3D Printing Technology: The Perfect ‘DISRUPTION’ to Your Creative Cycle
Posted on September 14 2016
What 3D Printing has done is brought offshore prototype molding to your engineer’s workplace.
It’s a simple structure, a complex cycle, and it’s tameable. Companies are usually sedated in adapting because leaders have ironed out the negatives and have built annual plans around the system they're using, which usually is bound by dynamic creative hurdles that they simply weather every year as they innovate and bring new and different goods to market. 3D Printing lets you cut that “creative cycle” by literally months. In fact, you can go from “pencil and paper” to a full-size replica in the exact materials you envision overnight if you choose. What did you use to do? Decide a design, ship it overseas where it waits in line to be molded, then the “prototypes” are shipped to you weeks after the design was finalized. Imagine all the keen thoughts you had at the point of design that, if you didn’t memorialize, have simply evaporated in your mind because it’s difficult to remember the cool nuances you thought of during the creative flow if you didn’t “log” your suggestions to assess when the prototype finally lands on your desk. 3D Printing cuts all those corners. Here’s what's critical to that flow: your designs, your secrets, your approach and your colors, the full bundle of your idea sits comfortably, securely, in your desk drawer. It’s not in the hands of an OEM provider where who knows who has access to your best ideas that will change your sales next season. Here’s a quick “3D Print 101 For Slow Adapters,” in the terms, anybody can understand. The molding is enriched because the machinery actually builds your product from the inside out, instead of from a glob that it whittles down to your desired shape. So, a more careful, keen approach is taken from the outset. This technology is so mind-boggling groovy, any key critical thinker will understand the value of this asset that could be sitting in the wasted corner space of your engineer’s cluttered domain. George Jetson would be envious of this technology!
THE HISTORY: AM -- Additive Marketing .... dates back to 1983 and the invention of stereolithography. AM & 3D Printing are interchangeable terms: Printing because it “layers on” “A process of joining materials to make objects from 3D model data, usually layer upon layer, as opposed to subtractive manufacturing methodologies.” In common practice, the terms “AM” and “3D printing” are used interchangeably. AM can aid their companies’ performance, growth, and innovation goals, we offer a detailed framework in our report 3D opportunity: Additive manufacturing paths to performance, innovation, and growth, available on Deloitte University Press. We also offer specific insights for key industries:
For a complete catalog of material available from Deloitte on additive manufacturing, please see here.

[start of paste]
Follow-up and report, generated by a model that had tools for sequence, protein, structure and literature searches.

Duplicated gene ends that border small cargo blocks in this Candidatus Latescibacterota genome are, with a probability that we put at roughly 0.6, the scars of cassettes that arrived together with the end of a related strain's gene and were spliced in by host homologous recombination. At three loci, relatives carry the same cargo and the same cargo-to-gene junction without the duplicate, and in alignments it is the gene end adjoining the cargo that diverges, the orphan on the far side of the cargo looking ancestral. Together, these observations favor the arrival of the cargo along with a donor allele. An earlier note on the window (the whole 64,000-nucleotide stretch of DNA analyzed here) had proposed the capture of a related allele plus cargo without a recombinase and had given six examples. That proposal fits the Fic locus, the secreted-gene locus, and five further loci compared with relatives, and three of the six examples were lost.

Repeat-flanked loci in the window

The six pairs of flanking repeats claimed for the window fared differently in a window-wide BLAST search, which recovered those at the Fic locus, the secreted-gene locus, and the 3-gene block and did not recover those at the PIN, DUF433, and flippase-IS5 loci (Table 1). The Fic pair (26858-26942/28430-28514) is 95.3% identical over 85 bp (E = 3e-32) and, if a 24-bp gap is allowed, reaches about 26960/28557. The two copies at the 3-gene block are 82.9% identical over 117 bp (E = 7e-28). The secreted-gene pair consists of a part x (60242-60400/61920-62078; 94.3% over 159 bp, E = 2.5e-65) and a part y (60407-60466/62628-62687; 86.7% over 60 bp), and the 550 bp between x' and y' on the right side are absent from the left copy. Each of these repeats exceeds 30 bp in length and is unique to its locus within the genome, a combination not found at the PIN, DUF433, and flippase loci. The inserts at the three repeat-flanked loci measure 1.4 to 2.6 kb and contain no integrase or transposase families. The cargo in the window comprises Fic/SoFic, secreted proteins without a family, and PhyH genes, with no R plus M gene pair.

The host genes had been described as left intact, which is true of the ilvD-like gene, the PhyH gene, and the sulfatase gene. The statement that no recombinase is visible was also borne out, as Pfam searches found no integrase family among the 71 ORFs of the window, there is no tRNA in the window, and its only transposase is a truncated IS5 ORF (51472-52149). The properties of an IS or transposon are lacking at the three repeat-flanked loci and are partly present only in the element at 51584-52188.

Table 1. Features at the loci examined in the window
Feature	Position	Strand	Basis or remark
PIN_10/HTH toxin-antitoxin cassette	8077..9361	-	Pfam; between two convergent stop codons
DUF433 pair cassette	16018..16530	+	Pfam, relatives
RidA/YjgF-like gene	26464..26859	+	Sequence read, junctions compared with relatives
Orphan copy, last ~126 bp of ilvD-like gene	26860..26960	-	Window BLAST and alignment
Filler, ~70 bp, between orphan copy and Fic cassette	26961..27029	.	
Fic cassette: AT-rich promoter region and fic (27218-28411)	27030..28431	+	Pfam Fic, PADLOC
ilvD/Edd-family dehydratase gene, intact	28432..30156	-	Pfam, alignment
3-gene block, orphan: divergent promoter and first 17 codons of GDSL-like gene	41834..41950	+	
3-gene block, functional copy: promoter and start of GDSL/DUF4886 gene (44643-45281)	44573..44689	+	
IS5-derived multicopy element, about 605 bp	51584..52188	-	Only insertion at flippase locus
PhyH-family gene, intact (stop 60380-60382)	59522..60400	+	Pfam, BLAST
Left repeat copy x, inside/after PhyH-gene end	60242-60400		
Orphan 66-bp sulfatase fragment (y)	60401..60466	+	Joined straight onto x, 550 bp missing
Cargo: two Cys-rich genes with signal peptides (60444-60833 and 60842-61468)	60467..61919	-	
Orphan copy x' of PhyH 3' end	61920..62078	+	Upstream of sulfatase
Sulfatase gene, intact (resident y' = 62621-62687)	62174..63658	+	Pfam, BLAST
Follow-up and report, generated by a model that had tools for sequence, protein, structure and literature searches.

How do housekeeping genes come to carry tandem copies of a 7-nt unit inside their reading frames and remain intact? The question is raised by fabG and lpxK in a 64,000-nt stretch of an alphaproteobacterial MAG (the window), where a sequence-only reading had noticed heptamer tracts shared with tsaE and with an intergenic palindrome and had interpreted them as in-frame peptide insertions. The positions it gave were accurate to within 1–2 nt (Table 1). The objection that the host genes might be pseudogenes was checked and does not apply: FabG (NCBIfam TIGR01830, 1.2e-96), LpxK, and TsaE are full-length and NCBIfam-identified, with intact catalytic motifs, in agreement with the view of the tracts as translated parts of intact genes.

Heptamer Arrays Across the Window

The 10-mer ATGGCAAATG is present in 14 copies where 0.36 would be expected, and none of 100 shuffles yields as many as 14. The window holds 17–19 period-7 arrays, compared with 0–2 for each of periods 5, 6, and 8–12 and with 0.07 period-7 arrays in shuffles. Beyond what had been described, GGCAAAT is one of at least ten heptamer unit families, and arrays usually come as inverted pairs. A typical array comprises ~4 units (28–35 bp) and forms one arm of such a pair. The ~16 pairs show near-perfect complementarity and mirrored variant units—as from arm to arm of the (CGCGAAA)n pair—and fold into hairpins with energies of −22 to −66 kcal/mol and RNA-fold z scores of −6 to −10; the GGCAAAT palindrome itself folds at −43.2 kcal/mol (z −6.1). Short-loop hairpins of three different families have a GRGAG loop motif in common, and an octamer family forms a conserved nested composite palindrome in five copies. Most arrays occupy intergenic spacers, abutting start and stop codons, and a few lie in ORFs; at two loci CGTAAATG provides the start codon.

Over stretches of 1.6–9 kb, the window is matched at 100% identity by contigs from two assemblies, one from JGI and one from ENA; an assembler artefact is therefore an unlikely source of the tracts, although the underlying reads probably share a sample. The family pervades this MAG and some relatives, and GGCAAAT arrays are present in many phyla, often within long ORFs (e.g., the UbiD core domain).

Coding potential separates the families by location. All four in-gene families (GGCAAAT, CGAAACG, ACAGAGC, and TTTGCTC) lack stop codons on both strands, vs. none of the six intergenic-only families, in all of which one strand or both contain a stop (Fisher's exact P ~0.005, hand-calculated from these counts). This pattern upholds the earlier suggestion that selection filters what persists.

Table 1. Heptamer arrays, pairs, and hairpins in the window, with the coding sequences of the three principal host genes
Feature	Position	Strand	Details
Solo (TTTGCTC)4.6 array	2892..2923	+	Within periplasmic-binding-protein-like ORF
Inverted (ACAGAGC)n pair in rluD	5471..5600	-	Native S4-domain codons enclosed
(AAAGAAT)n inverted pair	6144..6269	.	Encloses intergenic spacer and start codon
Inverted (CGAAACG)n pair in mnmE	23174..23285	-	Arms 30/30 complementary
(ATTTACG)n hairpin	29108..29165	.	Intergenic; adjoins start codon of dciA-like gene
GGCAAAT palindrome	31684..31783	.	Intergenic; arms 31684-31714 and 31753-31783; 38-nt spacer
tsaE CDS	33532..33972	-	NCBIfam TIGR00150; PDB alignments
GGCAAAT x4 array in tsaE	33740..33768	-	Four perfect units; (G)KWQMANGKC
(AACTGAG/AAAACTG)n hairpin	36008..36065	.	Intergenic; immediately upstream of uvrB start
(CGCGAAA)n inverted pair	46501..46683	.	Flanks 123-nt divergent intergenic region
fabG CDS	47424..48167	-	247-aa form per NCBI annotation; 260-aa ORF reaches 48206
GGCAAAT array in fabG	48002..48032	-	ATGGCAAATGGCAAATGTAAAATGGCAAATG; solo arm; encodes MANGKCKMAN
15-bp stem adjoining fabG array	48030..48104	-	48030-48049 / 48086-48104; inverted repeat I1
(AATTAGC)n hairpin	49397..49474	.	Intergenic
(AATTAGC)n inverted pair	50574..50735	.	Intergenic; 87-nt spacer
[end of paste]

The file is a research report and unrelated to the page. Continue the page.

Advantages of AM Design complexity: AM enables the creation of intricate designs to precise dimensions that are difficult or impossible to create using traditional methods.Speed to market: AM systems can manufacture products with little or no tooling, saving time during product design and development and enabling on-demand manufacturing.Waste reduction: AM typically uses less extraneous material when manufacturing components, thus significantly reducing or eliminating scrap and waste during production. This makes AM a more efficient process. Advantages of traditional manufacturing Mass production: Traditional manufacturing is well-suited for high-volume production where fixed tooling and setup costs can be amortized over a larger number of units. Additive manufacturing is generally more competitive for low-to-medium volume production runs.Choice of materials: Traditional manufacturing techniques can be deployed to a wide variety of materials, while additive manufacturing predominantly uses a narrower range of polymers, metals, ceramics, and composites. Manufacturing large parts: Compared with AM systems, which are constrained by the envelope sizes currently available, traditional machining is better suited to manufacturing large parts. Overall, AM offers companies an array of time efficiencies and cost reductions throughout the product lifecycle and supply chain, as well as greater flexibility in design and product customization than traditional manufacturing. These benefits will likely drive increasing levels of AM adoption going forward. Two key areas of benefit include: Workflow streamlining: AM can reduce prototype development time and shorten review cycles. Since AM processes are viewed as generating less scrap and using fewer tools, materials, and parts than traditional manufacturing—as well as reduced assembly and inventory demands—substantial cost benefits can be anticipated. Flexible design and product customization: AM processes offer rapid iteration of designs and enable low-volume print-on-demand applications. The ability to engage and influence the customer experience through custom, same-day production may have ramifications in consumer and industrial products end markets.AM PROCESSES, TECHNOLOGIES, AND APPLICATIONS Functional prototypes and end-use parts built through AM technologies have wide applications in industries such as industrial & consumer products, automotive, medical, and aerospace. AM technologies use a variety of materials, including plastics, metals, ceramics, and composites, and deploy multiple different processes to address issues such as design complexity, surface finish, unit cost, the speed of operations, and others. To meet diverse requirements, industrial-grade AM systems are available in the market ranging in cost from less than $10,000 to $1 million—and more.